How I quickly improved my dad’s blood flow and circulation in only 30 days - NO drugs or diets:
Dr. Sam’s 2 Minutes To Better Health - 3 Best Exercises For Increasing Blood Flow & Circulation To Your Legs
This is important for anyone who has
· leg pains or cramping
· varicose or “spider” veins (or prevention)
· numbing and tingling in your feet
This is also very important because poor blood flow and circulation is one of the primary causes of a heart attack or stroke.
This is because it can lead to
Hypertension and high blood pressure
Hardening and narrowing of your arteries
Higher cholesterol and plaque build up
Blood clots in your veins
3 Best Exercises
I think walking is one of the best exercises you can do and almost anyone can do it, anywhere, any time of the day and it doesn’t cost you anything.
Ideally you would walk outside in fresh air if possible. Any time of the day is fine.
To start, all you need is about 15 minutes, 3x weekly. Ideally you would work up to daily walks of about 30 minutes.
And if you have pain or trouble walking, even 3 minutes is a good start. Try your best to walk just a little bit more every single day.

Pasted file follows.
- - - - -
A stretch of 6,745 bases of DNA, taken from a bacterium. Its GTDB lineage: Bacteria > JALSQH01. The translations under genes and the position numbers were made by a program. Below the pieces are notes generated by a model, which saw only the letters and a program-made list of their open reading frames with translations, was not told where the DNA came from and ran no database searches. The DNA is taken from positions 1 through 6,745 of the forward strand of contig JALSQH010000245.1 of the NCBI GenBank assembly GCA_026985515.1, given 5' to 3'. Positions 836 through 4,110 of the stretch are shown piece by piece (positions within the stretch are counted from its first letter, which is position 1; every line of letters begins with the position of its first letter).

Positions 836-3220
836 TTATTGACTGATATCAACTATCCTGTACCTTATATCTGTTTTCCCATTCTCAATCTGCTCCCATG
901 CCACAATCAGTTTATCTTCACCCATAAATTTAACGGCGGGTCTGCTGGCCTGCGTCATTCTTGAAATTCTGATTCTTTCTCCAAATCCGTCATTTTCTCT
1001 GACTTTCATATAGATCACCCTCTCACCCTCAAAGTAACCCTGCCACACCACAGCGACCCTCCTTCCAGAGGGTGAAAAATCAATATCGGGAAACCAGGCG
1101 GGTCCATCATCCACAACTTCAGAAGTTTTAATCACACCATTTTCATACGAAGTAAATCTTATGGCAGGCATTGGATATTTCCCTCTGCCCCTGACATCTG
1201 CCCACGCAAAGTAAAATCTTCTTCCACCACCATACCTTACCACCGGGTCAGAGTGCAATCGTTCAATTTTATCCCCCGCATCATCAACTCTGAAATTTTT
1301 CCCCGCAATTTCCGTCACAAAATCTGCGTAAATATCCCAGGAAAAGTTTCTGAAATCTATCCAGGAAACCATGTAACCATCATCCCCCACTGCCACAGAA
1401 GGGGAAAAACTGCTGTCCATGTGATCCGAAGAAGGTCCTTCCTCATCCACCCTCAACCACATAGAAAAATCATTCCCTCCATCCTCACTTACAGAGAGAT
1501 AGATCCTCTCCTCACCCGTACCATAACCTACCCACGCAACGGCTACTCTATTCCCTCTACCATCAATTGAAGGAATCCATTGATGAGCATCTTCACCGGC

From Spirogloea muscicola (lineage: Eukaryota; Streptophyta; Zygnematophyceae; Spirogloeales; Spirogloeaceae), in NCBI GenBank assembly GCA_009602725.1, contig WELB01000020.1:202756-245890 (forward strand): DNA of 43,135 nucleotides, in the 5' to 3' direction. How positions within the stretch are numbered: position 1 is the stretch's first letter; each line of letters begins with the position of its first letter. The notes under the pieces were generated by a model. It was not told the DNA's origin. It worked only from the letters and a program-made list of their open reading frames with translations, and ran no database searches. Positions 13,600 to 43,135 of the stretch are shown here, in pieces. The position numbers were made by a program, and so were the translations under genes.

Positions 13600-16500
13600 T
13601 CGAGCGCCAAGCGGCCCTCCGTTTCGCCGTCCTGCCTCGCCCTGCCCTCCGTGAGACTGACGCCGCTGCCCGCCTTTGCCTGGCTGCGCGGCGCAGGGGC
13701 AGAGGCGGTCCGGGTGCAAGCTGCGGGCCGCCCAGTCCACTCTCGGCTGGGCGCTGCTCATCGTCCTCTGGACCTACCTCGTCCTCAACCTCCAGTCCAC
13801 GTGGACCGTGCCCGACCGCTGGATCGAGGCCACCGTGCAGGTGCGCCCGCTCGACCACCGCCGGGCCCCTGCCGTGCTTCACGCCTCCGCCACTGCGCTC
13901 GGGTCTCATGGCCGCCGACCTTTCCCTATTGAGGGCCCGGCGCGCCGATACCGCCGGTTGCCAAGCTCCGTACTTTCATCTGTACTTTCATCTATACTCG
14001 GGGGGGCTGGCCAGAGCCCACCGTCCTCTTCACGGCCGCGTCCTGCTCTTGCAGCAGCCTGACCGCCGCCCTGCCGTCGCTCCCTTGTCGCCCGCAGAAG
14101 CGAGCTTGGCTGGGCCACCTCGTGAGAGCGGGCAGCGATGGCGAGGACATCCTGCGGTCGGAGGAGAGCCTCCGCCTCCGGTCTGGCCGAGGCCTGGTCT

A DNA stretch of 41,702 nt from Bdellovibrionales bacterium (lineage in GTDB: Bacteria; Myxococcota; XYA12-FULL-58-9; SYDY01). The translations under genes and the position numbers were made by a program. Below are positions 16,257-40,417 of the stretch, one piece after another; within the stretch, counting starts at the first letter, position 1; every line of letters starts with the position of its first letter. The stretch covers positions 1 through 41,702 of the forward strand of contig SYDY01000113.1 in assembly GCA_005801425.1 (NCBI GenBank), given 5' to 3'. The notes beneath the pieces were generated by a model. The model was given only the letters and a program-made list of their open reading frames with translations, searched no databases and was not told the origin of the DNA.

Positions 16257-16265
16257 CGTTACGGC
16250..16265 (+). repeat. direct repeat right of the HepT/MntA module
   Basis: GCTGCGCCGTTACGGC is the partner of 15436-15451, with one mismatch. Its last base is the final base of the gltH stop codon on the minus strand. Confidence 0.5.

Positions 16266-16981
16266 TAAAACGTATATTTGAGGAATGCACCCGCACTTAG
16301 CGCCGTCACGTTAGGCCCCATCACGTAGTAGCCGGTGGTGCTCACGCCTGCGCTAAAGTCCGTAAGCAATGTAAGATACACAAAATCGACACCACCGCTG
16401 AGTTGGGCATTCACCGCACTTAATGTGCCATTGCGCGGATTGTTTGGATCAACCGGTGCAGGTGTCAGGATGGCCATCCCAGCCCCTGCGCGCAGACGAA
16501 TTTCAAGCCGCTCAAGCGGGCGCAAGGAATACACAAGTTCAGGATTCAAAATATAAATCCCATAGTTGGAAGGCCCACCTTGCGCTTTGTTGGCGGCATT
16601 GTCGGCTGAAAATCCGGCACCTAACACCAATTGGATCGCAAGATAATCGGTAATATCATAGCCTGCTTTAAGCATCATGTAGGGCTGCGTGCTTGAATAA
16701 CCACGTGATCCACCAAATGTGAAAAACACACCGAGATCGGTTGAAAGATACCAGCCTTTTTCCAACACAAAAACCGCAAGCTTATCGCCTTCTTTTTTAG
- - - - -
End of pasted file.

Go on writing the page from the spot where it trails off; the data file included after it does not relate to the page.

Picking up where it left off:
A rebounder is basically a mini trampoline.
I like this because it is very low impact and super easy on your joints.
It also helps clean your lymph nodes, which helps prevent many cancers and illnesses.
Just like walking, all you need is about 15 minutes, 3x weekly… Eventually you can work up to 20-30 minutes daily.
By the way, you’re not trying to jump high on it and try to touch the ceiling.
You only need to go up a few inches, a light up and down motion
Just enough for your toes to be off the rebounder.
Body Weight Squats
This last exercise is great for building and strengthening your entire lower body …
From your ankles to your leg muscles and all the way to your lower back and stomach.
You can simply use your own bodyweight and do sets of about 15-25 or more repetitions.
Of course, if you’re first starting out, simply doing even 2-3 comfortable repetitions is a great start. Go down as far you’re comfortable and without pain.
Over time, as you get stronger and more flexible, you can do more repetitions and go deeper.
You should work up to 3-4 sets, of 15 or more repetitions, 3x weekly.
And if you don’t have good coordination, simply hold onto a wall or something sturdy as you squat down.
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If you’ve torn the muscle, there isn’t much you can do other than have surgery. But you need to exercise your entire lower body still – quads, hams, abductors, glutes, etc. You need balance to prevent more problems in the future.